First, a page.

NAND flash wear-out

This definition is part of our Essential Guide: Essential guide to the all-flash array market
Contributor(s): Carol Sliwa

NAND flash wear-out is the erosion of a NAND flash memory cell due to the repeated program/erase process necessary to write new data to a chip.

All of the bits in a NAND flash block must be erased before the data is written, or programmed. The program/erase process eventually breaks down the oxide layer within the floating-gate transistors of the NAND flash.

NAND flash uses a series of floating-gate transistors to store charge for an extended period of time. The oxide layer insulates the floating gate and traps the electrons, which control the switch-on voltage of the floating gate. The gradual deterioration of the oxide insulation can distort the manufacturer-set threshold value at which a zero or one is determined.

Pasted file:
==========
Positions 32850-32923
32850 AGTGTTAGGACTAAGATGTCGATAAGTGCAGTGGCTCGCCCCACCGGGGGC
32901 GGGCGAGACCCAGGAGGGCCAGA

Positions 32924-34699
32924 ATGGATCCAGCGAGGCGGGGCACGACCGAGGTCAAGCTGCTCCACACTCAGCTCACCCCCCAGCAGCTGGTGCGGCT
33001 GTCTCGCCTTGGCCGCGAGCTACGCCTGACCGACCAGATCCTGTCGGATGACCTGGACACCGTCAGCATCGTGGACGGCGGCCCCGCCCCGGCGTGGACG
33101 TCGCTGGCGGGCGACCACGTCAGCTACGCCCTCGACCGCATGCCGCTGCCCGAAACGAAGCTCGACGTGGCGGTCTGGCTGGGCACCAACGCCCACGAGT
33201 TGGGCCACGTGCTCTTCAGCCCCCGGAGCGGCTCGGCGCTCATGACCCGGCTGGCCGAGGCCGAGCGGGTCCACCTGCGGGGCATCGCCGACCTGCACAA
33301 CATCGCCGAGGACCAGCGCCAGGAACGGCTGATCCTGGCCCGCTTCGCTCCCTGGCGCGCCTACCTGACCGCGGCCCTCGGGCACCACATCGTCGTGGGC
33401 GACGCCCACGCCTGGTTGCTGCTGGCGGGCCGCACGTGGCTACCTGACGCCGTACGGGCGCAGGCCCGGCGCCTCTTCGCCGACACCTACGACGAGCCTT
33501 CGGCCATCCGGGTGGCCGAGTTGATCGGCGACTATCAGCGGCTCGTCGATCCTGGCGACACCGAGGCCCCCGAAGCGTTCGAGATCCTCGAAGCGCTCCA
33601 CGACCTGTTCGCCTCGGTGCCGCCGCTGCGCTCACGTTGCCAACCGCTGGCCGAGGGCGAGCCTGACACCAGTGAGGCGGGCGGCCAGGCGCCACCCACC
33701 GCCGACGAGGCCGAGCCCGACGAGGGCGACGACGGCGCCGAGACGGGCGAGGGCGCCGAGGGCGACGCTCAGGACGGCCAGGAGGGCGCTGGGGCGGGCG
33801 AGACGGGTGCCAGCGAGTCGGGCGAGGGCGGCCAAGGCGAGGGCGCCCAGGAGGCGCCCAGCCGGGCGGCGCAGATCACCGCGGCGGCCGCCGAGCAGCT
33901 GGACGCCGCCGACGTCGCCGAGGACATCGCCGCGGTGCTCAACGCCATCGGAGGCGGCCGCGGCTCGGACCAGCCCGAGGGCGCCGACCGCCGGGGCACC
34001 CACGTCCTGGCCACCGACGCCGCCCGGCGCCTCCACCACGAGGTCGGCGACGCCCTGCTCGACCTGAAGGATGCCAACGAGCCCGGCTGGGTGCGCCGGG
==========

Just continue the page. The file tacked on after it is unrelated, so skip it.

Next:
The NAND flash wear-out figures that the industry typically cites are 100,000 program/erase (P/E) cycles for single-level cell (SLC) flash, 30,000 P/E cycles for enterprise multilevel cell (eMLC) flash and 10,000 or fewer P/E cycles for multilevel cell (MLC) flash. Manufacturers have attempted to mitigate the wear-out factor through advancements in their product architectures, algorithms and controllers.

This was last updated in January 2012

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